3551 Trousdale Parkway
Los Angeles, California 90089

We live in a science fictional world. Every day another futuristic projection made in the past turns into the reality of the present. Science fiction and science fact have become all but indistinguishable. "Special effects" are no longer particularly special, and fictional worlds, hoaxes and alternate histories are sometimes more real than reality itself. Science fiction turns its readers into early adopters; it helps prepare us for the future however it unfolds. Science uses this imaginative resource to think beyond its paradigm boundaries.

TransFormations 3: Fiction Science examines how science and science fiction mutually inform one another and shape not only our sense of the future but also our understanding of the present.

Organized by Steve Anderson, Anne Balsamo, Anne Friedberg, Alice Gambrell, Perry Hoberman, Michael Naimark, Veronica Paredes, Douglas Thomas, Richard Weinberg and Holly Willis.

Saturday March 3, 2007 – Sunday March 4, 2007

Sunday March 4, 2007
2:00 pm – 5:00 pm
Readings by
LARRY NIVEN, science fiction author (Ringworld, The Draco Tavern)
TIM PRATT, fantasy & science fiction author (Little Gods)

Lecture by speech synthesis machine
with live demonstration of computer-controlled human facial expressions

TransFormations is a year-long series of events formed around four specific topics, each at the crossroads of four larger umbrella themes: art, technology, cognition and perception. In Fiction Science, writers, artists, scientists, directors, special-effects artists and cognitive scientists will come together to map out the territories between fiction and science and reality and fantasy, asking whether fictional worlds, hoaxes, satire and alternate histories can sometimes seem to be more "true-to-life" than reality itself.

One of the side effects of the ever-increasing rate of technological change is our entrance into a world in which any line drawn between science fiction and scientific fact is contingent, contested and arguable. Simultaneously, the unprecedented absurdity of late-capitalist marketing techniques, centralized ownership of media, corporate corruption and proto-fascist politics has led to a situation in which satire, hoaxes, fictional worlds and alternate histories are more "true-to-life" than reality itself. We can no longer expect our experts and pundits to tell us the truth, because they are primarily engaged in the business of "perception management." Instead, we might do better to listen to comedians, filmmakers, artists, hoaxers and fiction writers. Paradoxically, those who make no claims at all to "truth" are nearly always the only ones with nothing at stake in systematically distorting it.

Just as science fiction created a realm in which conceptions of the future could be considered apart from the realities of the present, we need a realm distinct from our increasingly out-of-balance reality if we are to perceive even a faint glimmer of a better world: whether wiser, more equitable, more sustainable, more harmonious, more pleasurable or simply more fun. We are living in what was once "the future," and the interplay between science fiction and fact is such that neither can remain distinct from the other.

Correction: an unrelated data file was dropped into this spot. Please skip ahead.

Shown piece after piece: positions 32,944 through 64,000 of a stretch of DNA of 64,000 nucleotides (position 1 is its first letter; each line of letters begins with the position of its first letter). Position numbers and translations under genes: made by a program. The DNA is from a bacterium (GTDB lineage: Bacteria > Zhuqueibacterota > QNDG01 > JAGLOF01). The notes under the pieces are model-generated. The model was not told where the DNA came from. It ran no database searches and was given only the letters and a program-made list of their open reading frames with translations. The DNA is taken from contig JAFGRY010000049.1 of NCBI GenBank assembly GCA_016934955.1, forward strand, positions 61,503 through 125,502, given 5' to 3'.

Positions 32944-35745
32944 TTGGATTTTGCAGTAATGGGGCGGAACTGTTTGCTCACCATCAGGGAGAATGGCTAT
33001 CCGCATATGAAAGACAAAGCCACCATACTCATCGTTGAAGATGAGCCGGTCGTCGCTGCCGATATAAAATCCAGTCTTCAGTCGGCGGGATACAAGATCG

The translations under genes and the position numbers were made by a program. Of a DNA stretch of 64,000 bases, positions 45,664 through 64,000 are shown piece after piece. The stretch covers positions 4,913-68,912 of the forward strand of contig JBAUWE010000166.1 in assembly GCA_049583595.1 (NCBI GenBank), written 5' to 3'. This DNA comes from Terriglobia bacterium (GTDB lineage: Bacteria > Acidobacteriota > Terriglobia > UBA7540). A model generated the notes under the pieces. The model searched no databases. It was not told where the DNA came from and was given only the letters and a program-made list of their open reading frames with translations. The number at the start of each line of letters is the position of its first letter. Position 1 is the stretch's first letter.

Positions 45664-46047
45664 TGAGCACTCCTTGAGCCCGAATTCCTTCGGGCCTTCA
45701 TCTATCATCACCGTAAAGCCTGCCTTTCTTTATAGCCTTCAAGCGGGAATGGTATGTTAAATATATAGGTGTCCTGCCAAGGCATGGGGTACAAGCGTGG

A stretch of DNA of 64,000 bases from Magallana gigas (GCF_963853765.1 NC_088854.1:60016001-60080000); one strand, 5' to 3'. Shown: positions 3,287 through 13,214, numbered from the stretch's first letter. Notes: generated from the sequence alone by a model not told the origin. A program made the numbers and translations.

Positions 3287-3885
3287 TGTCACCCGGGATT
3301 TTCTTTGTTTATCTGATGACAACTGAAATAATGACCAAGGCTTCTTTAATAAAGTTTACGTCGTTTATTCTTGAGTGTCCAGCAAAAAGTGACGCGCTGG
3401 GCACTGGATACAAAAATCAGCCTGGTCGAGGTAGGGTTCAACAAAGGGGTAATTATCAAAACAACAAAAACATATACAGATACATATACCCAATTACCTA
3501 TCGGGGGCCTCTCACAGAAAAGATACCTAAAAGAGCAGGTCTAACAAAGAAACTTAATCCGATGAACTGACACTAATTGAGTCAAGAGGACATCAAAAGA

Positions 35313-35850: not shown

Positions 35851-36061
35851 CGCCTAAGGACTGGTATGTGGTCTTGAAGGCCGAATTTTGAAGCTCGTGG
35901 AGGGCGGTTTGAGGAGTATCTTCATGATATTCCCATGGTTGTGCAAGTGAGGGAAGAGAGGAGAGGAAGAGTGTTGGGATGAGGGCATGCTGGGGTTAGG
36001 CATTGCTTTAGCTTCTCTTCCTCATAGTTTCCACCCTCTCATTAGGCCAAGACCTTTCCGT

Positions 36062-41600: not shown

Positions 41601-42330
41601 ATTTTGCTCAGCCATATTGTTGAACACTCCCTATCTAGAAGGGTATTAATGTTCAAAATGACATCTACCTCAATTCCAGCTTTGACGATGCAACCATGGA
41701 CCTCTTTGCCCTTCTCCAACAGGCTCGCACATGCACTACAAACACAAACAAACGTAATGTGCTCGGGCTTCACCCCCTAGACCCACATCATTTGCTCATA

One arena in which the boundaries between the realistic and fantastic are constantly being renegotiated is the cinema. Built into the very syntax of film are specific distortions of temporality, space, causality and linearity that defy the "laws" of physics. Now, with the development of techniques that seamlessly integrate computer-generated components and camera-captured imagery, the apparatus of the film industry has been completely transformed. "Special effects" are no longer particularly special. Simultaneously, the mechanisms of cinema spectatorship have undergone a radical, if largely unnoticed, shift: The world on screen, while coyly maintaining its claim of at least some correspondence to reality, has left the real world far behind. In some sense, every film is now science fiction--laws of physics, biology, psychology and logic are routinely violated, not just in terms of montage and narrative flow, but in the very mise-en-scene itself.

It is possible to elucidate the physical logic of these worlds as a critical problem? The virtualization of science in cinema extends into the disciplines of physics, biology, epidemiology, artificial intelligence and simulation in ways that pose important questions.

Organized by cinematic arts faculty members Perry Hoberman, Steve Anderson, Anne Balsamo, Anne Friedberg, Richard Weinberg and Michael Naimark; Alice Gambrell (English); Douglas Thomas (communication); and Holly Willis (fine arts).

For further information on this event:
[email protected]

Other events in the TransFormations Series:
January 19, 2007January 20, 2007 TransFormations II: The Perception of Perception
April 21, 2007 – April 22, 2007 TransFormations IV: Disturbed Realities

Official Website: http://iml.usc.edu/transformations3/

Added by kiracle on February 27, 2007

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